This paper argues in support of the U.S. Supreme Court's decision in District Attorney v. Osborne, 128S.Ct. 2308 (June 19, 2009), which held that criminal defendants do not have a Federal due process right to post-trial DNA testing.
If the Supreme Court had ruled in Osborne's favor, it would have created a new avenue for thousands of convicted sex offenders, murderers, and other offenders to subvert State law and go straight to Federal court seeking testing and re-testing of all of the evidence in their cases. Current law requires that defendants exhaust all of the remedies available to them in State courts pursuant to State law before they can go to Federal court by filing a petition for a writ of habeas corpus. If Osborne had prevailed in the Supreme Court, defense attorneys would have been permitted to engage in the type of strategic play that would avoid the testing of the defendant's DNA prior to trial. In the Osborne case, his defense attorney blocked his DNA testing, fearing it might further incriminate him. Most States have laws that govern when inmates may obtain post-trial DNA testing of the evidence in their cases, and prosecutors' offices have also developed policies to respond to these requests. By rejecting Osborne's claim, the Supreme Court has essentially told defendants that they must follow the existing laws of their States and exhaust all of their State remedies before they can go to Federal court pursuant to the filing of a habeas corpus petition.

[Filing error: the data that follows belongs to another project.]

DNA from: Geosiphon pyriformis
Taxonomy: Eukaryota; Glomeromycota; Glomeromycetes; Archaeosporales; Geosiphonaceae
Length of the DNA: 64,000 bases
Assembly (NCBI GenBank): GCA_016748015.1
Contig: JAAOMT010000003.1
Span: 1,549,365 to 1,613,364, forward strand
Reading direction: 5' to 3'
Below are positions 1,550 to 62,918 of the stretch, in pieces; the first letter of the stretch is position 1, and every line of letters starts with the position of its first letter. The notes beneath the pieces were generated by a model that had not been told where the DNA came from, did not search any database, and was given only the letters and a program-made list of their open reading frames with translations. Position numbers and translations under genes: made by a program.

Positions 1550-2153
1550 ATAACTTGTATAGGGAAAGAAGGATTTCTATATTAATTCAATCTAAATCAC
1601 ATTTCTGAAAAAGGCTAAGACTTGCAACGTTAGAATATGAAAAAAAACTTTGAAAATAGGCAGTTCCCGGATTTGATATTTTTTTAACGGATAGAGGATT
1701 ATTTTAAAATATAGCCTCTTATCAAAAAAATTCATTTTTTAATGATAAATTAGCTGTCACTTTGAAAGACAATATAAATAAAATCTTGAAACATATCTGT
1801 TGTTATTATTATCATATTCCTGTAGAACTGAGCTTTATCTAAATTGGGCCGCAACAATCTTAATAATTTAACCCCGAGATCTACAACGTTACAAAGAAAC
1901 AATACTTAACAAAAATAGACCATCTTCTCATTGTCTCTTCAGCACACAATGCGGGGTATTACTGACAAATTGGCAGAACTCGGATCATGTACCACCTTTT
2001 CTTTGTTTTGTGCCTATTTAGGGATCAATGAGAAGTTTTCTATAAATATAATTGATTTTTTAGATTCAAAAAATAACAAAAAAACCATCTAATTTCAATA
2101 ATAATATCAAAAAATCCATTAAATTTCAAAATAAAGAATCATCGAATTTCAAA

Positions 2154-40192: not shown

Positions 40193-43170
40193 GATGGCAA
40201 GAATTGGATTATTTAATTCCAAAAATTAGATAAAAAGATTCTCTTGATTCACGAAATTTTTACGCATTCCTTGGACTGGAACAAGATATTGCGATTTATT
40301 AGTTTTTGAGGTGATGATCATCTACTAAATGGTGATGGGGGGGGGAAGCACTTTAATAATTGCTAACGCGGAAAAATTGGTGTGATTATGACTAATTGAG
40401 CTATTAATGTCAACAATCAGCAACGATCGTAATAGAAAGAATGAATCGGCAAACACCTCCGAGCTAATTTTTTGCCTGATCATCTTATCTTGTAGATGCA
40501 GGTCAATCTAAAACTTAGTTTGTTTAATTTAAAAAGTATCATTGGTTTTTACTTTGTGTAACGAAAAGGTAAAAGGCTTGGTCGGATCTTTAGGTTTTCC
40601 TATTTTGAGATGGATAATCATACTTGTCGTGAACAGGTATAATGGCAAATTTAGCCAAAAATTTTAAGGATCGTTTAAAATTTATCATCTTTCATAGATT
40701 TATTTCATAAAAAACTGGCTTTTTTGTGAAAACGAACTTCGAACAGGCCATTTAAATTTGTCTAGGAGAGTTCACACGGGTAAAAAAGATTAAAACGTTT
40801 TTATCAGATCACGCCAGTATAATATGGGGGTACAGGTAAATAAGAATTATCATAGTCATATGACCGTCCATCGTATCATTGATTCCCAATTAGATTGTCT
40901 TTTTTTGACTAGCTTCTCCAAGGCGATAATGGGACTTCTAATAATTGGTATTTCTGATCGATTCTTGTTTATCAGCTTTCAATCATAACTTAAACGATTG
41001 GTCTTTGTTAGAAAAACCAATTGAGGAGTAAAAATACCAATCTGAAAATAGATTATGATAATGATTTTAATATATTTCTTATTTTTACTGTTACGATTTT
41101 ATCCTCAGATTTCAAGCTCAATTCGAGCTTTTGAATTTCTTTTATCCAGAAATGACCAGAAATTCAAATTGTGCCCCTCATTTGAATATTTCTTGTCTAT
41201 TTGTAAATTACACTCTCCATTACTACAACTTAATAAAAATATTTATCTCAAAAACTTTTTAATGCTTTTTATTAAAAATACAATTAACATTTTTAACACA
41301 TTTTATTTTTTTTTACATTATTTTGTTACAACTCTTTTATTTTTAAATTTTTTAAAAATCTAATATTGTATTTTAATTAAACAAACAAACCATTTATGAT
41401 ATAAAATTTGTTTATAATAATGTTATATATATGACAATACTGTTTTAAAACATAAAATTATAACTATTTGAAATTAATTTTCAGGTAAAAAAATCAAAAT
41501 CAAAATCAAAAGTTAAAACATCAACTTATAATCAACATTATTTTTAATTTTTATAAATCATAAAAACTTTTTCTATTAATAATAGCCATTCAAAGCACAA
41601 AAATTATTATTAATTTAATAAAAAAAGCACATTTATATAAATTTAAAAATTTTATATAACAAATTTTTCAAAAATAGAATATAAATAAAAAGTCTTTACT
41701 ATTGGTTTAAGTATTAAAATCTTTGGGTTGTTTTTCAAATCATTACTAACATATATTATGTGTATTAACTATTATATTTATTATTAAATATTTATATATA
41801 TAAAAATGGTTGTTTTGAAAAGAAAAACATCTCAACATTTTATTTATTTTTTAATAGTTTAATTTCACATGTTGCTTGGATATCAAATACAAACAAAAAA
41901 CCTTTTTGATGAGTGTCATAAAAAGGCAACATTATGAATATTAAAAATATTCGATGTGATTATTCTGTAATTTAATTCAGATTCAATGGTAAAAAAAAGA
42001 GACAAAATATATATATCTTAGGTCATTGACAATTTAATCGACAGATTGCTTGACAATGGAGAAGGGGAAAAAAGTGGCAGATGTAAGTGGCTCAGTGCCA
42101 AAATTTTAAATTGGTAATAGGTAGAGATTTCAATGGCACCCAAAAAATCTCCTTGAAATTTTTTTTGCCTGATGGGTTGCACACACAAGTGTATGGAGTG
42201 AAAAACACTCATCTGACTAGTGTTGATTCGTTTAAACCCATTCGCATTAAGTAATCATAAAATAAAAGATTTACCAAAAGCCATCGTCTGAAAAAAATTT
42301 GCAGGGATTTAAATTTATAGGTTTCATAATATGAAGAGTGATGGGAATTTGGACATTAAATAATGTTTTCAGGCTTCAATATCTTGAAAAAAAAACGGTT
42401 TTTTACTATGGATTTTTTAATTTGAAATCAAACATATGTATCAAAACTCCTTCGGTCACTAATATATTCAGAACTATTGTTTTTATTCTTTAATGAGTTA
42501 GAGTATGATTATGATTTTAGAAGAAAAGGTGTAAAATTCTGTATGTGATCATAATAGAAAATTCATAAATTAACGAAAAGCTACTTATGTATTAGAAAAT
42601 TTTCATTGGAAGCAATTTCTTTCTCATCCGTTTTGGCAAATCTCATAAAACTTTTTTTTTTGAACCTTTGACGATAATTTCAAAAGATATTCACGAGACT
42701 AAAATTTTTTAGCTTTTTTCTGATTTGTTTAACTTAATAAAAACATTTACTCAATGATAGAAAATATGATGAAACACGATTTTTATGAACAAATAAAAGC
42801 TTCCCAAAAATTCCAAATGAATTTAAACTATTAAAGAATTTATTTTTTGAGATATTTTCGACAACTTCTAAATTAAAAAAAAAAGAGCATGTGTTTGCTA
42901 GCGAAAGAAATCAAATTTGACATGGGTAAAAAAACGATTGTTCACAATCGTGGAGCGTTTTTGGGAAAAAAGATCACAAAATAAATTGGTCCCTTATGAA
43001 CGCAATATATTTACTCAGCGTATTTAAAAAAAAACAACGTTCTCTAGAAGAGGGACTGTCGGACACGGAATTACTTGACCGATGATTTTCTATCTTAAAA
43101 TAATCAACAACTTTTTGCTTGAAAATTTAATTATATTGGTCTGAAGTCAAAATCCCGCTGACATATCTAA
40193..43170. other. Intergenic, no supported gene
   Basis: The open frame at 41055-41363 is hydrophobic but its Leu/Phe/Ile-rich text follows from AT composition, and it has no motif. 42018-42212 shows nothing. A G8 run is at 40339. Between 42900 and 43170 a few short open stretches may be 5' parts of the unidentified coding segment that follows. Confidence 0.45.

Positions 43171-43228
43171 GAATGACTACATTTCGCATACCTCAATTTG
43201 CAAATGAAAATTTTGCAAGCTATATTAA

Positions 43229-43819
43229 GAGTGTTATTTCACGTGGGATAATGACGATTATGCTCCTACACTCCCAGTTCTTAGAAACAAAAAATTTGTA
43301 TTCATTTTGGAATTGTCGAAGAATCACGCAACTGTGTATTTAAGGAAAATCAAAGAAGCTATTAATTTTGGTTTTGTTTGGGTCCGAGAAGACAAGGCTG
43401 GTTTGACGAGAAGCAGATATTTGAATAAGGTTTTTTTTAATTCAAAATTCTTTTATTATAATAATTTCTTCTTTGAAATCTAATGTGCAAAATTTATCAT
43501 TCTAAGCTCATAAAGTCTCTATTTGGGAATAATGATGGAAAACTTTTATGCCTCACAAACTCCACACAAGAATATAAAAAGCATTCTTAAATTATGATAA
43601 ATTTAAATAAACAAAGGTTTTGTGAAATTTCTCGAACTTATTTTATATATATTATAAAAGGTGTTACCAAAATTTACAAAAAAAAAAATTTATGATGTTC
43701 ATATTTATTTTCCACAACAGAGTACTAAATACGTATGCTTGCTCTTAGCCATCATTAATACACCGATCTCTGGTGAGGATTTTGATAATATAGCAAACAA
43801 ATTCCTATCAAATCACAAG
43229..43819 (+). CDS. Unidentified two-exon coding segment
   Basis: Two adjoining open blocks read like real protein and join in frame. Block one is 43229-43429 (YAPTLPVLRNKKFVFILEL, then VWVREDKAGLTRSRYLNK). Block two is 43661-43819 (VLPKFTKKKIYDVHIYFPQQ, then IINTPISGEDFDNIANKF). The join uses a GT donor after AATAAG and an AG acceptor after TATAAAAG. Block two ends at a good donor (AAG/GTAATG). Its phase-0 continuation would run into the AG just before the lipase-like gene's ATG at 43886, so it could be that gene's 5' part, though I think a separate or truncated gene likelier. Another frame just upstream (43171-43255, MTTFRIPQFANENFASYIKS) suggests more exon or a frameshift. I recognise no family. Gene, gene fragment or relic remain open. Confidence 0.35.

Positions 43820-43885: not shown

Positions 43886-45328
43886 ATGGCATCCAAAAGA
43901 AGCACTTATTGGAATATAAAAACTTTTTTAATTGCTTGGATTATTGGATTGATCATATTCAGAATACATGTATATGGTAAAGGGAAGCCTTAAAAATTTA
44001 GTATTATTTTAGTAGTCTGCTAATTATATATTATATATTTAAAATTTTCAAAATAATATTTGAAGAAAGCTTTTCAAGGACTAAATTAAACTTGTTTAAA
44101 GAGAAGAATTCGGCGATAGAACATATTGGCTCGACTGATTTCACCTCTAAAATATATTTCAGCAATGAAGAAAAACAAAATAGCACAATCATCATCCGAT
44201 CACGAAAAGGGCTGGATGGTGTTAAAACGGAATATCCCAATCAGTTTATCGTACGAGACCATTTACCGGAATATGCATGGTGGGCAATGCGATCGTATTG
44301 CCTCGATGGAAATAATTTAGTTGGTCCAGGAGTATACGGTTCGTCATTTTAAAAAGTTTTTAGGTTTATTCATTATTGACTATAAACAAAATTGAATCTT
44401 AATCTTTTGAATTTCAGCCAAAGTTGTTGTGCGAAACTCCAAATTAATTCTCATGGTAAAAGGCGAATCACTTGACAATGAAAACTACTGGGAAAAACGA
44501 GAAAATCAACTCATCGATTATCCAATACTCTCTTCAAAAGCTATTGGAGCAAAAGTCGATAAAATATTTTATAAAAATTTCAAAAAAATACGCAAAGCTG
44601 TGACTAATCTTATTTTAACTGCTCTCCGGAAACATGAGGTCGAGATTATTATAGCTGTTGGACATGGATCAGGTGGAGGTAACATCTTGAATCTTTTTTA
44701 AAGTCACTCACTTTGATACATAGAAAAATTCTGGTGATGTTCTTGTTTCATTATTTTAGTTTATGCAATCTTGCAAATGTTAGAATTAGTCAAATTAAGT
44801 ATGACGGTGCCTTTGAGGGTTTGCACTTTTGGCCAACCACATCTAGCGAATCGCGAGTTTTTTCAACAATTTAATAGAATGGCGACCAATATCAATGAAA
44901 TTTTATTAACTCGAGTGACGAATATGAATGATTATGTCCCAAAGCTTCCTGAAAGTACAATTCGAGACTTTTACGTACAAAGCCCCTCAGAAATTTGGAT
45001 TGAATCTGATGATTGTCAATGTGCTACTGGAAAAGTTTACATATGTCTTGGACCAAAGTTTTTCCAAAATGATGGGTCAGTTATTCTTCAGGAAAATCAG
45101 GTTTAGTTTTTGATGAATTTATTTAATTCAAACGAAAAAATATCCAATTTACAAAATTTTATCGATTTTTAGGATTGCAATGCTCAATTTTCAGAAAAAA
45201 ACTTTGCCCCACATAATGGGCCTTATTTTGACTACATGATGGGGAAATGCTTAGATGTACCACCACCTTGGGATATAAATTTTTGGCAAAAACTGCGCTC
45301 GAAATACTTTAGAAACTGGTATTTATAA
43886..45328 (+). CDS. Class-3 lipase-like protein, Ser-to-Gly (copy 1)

US Dept of Justice, Office on Violence Against Women
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United States of America
Strategies in Brief, Issue 2, August 2011